What's behind Mexican migrant killings still unclear

McClatchy NewspapersAugust 27, 2010 

MEXICO CITY — President Felipe Calderon on Friday accused the gunmen who killed 72 illegal migrants in northern Mexico this week of "incalculable savagery" as his government attempted to depict the major drug gang implicated in the slaughter as weakened and desperate.

The discovery of the grisly massacre Tuesday night at a ranch near San Fernando, about 45 miles southwest of Brownsville, Texas, put the spotlight on Los Zetas, a crime syndicate based along the Gulf Coast of Mexico that has international tentacles.

The massacre — and its murky motives — continued to shake Mexico on Friday.

A small car bomb blew up near the local offices of Mexican network Televisa farther south in Tamaulipas state, in Ciudad Victoria, causing damage but no injuries. Calderon himself also confirmed that two state criminal investigators who'd been assigned to probe the slayings had vanished.

In an interview on W Radio, Calderon searched for words to describe the contempt he felt for the gunmen who lined up the migrants — mostly from Central America but also from Ecuador and Brazil — and sprayed them with bullets.

"They are simply beasts," Calderon said.

The sole apparent survivor, an Ecuadorean, feigned death and escaped the San Fernando ranch, stumbling with a bullet wound in his neck to alert Mexican marines who were stationed nearby.

A top aide to Calderon blamed Los Zetas and said military pressure on the group had left it weakened and in need of reinforcements. Alejandro Poire of the National Security Council said the gunmen had captured the migrants and given them a choice: Work for Los Zetas as gunslingers and peons, or face death.

When the 58 male and 14 female migrants resisted, they were killed.

"Rather than a kidnapping with an apparent financial aim, it was done fundamentally with the goal of detaining these people and forcing them to join the structures of organized crime," Poire said, according to a transcript of his remarks, made in another radio interview, that Calderon's office issued Friday.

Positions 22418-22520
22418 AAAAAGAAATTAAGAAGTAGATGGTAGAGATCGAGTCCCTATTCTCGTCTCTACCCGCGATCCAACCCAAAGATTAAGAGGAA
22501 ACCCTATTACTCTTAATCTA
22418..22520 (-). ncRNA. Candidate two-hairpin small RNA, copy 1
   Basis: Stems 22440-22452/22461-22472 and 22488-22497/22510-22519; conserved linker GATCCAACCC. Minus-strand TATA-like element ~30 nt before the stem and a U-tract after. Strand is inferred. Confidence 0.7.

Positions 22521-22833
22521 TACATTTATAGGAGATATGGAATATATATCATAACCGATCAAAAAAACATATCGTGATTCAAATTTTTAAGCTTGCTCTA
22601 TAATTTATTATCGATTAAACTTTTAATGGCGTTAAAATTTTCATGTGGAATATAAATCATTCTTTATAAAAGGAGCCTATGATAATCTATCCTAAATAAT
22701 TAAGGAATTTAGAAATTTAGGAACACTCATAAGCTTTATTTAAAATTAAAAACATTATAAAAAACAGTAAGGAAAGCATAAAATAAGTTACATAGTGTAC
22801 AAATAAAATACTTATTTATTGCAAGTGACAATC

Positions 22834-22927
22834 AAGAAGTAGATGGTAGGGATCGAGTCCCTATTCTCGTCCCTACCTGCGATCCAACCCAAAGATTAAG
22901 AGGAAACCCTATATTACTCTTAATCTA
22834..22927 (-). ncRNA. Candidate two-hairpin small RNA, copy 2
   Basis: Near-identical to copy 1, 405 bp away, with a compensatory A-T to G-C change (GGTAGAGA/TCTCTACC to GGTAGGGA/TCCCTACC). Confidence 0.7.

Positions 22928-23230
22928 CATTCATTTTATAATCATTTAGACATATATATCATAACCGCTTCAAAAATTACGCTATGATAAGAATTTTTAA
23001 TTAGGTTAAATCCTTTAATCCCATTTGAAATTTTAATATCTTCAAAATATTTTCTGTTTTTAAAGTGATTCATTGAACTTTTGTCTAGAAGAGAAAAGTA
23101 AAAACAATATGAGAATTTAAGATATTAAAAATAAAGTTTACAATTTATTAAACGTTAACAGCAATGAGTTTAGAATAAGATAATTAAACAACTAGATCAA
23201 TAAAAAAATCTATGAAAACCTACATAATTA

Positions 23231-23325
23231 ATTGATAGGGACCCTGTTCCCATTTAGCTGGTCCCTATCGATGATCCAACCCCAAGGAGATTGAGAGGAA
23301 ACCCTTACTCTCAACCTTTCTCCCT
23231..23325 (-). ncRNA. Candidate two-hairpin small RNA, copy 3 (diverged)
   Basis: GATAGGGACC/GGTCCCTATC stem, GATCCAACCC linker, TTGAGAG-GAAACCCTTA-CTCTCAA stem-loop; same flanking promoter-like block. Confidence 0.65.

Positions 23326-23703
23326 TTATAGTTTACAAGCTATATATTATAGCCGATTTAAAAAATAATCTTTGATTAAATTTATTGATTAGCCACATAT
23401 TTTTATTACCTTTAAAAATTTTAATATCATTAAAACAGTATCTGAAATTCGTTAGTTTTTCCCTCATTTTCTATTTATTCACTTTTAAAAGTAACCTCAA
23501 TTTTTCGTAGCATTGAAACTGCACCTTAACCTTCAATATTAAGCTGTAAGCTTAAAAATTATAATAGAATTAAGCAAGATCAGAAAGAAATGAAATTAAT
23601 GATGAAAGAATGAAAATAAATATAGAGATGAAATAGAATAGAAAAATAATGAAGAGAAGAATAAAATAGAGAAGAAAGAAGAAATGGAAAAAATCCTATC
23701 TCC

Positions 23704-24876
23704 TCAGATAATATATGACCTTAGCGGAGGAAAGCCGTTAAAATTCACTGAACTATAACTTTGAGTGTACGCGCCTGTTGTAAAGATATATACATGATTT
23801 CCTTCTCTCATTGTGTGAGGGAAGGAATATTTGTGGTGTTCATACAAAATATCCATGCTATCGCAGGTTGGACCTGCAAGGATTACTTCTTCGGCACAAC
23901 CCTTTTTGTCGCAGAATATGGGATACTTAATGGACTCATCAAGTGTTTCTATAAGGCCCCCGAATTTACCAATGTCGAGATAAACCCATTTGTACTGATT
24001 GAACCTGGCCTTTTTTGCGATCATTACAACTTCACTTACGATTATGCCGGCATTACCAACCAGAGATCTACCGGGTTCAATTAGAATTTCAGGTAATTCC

Human and civil rights groups voiced outrage that the Calderon government used the massacre to defend its military campaign against drug cartels, even as the human toll grows.

Poire "tries to diminish the magnitude of the massacre, affirming that it is a sign that organized crime has been hit by the government," 39 groups from around Latin America said in a statement.

However, an Austin, Texas-based strategic intelligence research group, Stratfor, said in a report Friday that Los Zetas, sometimes called simply the "Z's," indeed are hurting.

Los Zetas, which arose more than a decade ago as a paramilitary shock force for the Gulf Cartel, broke away from the struggling Gulf drug lords in February and have been locked in a bloody war with other trafficking groups since then.

The group has branched into other areas of criminal activity, including piracy of consumer goods, extortion and taking control of human smuggling routes from traffickers known as coyotes, reaping from $2,000 to $10,000 per migrant.

Needing more gunmen against its rivals, Los Zetas called up Central American gang members with whom they're allied, the Stratfor report said.

"This latest incident shows a continued desperation for manpower and ability to put boots on the ground to defend Los Zetas' home territory," it said.

Another analyst of Mexico's security situation, Edgardo Buscaglia, cast doubt on official accounts of the massacre and criticized Calderon's handling of it.

"First, we have to find out whether they really were Zetas," Buscaglia said, or whether they might have been crime gangs further down the chain.

Buscaglia said Calderon had glossed over evidence that all of Mexico's major crime groups had grown stronger during his term, and that he has used military force against the cartels without taking other steps to deal with pervasive government corruption, which allowed the cartels to strengthen.

"The president, unfortunately, looks at all of this as a media war," Buscaglia said. The portrayal of Los Zetas as weakened "is a marketing story" to deal with the international black eye Mexico has suffered with the massacre, he said.

"Every serious expert in the world agrees that Mexican organized crime groups are more powerful than ever before," Buscaglia said.

Los Zetas have moved into parts of Central America. In March, police in Guatemala said the group had threatened to kill President Alvaro Colom, and a month later El Salvador's president warned of Los Zetas' presence in his country.

Police in Bolivia and Colombia also have reported ties between local drug clans and the violent Los Zetas.

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McClatchy Newspapers 2010

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